Addition of squares of sine and cosine at an angle equals to 1 is called Pythagorean trigonometric identity of sine and cosine.

The relation of sine with cosine is developed by the Pythagorean Theorem. Hence, it is called as Pythagorean trigonometric identity and also called as Pythagoras trigonometric identity in trigonometry. It is mainly used to express trigonometric function sine in terms of cosine and also cosine in terms of sine.

Consider a right angled triangle $BAC$ and it is assumed that angle of the triangle is theta $\theta$.

According to Pythagorean Theorem,

${AC}^2 = {BC}^2 + {AB}^2$

$\Rightarrow {BC}^2 + {AB}^2 = {AC}^2$

Divide both sides of the expression by ${AC}^2$.

$$\Rightarrow \frac{{BC}^2 + {AB}^2}{{AC}^2} = \frac{{AC}^2}{{AC}^2}$$

$$\Rightarrow \frac{{BC}^2}{{AC}^2} + \frac{{AB}^2}{{AC}^2} = \frac{{AC}^2}{{AC}^2}$$

$$\Rightarrow \frac{{BC}^2}{{AC}^2} + \frac{{AB}^2}{{AC}^2} = 1$$

$$\Rightarrow {\Bigg( \frac{BC}{AC} \Bigg)}^2 + {\Bigg(\frac{AB}{AC}\Bigg)}^2 = 1$$

According to $\Delta BAC$

$$\frac{BC}{AC} = \sin \theta$$

$$\frac{AB}{AC} = \cos \theta$$

Replace ratios of two sides in terms of associated trigonometric functions.

$\Rightarrow (\sin \theta)^2 + (\cos \theta)^2 = 1$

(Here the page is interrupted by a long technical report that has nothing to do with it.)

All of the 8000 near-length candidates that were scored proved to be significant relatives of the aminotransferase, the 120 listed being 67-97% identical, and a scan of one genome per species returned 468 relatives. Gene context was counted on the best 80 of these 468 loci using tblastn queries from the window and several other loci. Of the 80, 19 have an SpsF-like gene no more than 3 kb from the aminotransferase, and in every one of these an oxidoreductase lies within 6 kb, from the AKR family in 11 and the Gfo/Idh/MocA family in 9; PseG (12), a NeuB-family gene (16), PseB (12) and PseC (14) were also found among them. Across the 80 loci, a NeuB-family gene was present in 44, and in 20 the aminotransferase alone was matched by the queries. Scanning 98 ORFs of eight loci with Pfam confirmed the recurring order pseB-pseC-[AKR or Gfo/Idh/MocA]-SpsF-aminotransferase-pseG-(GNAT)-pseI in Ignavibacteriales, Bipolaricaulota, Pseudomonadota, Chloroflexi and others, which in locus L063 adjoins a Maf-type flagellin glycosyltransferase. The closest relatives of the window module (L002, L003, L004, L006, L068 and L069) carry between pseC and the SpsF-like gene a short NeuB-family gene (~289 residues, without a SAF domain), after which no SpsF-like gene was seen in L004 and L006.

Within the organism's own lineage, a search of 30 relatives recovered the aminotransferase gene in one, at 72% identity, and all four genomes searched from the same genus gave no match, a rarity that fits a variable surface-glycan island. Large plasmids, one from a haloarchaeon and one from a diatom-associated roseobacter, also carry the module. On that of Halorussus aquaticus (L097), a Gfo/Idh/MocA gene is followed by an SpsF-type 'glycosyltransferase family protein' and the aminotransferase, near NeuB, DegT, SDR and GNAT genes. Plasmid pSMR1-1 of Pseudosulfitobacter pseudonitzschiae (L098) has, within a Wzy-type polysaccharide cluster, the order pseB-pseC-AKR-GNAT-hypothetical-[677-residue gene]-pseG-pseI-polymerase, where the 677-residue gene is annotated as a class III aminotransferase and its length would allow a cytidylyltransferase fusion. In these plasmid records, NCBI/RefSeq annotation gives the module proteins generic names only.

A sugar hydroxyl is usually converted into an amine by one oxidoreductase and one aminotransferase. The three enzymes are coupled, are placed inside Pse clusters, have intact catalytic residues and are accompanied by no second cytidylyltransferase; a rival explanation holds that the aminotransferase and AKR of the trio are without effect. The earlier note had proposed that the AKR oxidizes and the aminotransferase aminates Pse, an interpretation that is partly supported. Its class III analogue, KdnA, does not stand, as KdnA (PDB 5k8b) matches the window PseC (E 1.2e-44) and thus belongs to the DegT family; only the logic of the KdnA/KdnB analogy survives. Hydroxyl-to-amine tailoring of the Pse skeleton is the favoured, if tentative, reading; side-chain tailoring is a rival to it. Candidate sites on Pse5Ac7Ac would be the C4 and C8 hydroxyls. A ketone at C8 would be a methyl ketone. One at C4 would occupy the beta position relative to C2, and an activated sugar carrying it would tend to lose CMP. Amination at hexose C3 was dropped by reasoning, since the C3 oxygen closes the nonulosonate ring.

$\Rightarrow \sin^2 \theta + \cos^2 \theta = 1$

Sine squared angle plus cosine squared angle is equal to one. It is derived from Pythagorean Theorem. Therefore, it is called as a trigonometric Pythagoras identity.

Assume angle of triangle $\theta = 30^°$ to verify this trigonometric relation.

$\sin^2 \theta + \cos^2 \theta = \sin^2 30^° + \cos^2 30^° $

$$\Rightarrow \sin^2 30^° + \cos^2 30^° = \Bigg(\frac{1}{2}\Bigg)^2 + \Bigg(\frac{\sqrt{3}}{2}\Bigg)^2 $$

$$\Rightarrow \sin^2 30^° + \cos^2 30^° = \frac{1}{4} + \frac{3}{4}$$

$$\Rightarrow \sin^2 30^° + \cos^2 30^° = \frac{4}{4}$$

$$\Rightarrow \sin^2 30^° + \cos^2 30^° = 1$$

It is proved that summation of squares of sine and cosine at angle $30^°$ is equal to $1$. It is also proved for every angle. Hence, it is called as a trigonometric identity.

The Pythagorean trigonometric identity of sine and cosine can also be used to express sine in terms of cosine and cosine in terms of sine.

1

Sine can be expressed in terms of cosine in two different forms.

$\sin^2 \theta = 1 \, – \, \cos^2 \theta$

$\sin \theta = \pm \, \sqrt{1 \, – \, \cos^2 \theta}$

2

Cosine can also be expressed in terms of sine in two different forms.

$\cos^2 \theta = 1 \, – \, \sin^2 \theta$

$\cos \theta = \pm \, \sqrt{1 \, – \, \sin^2 \theta}$

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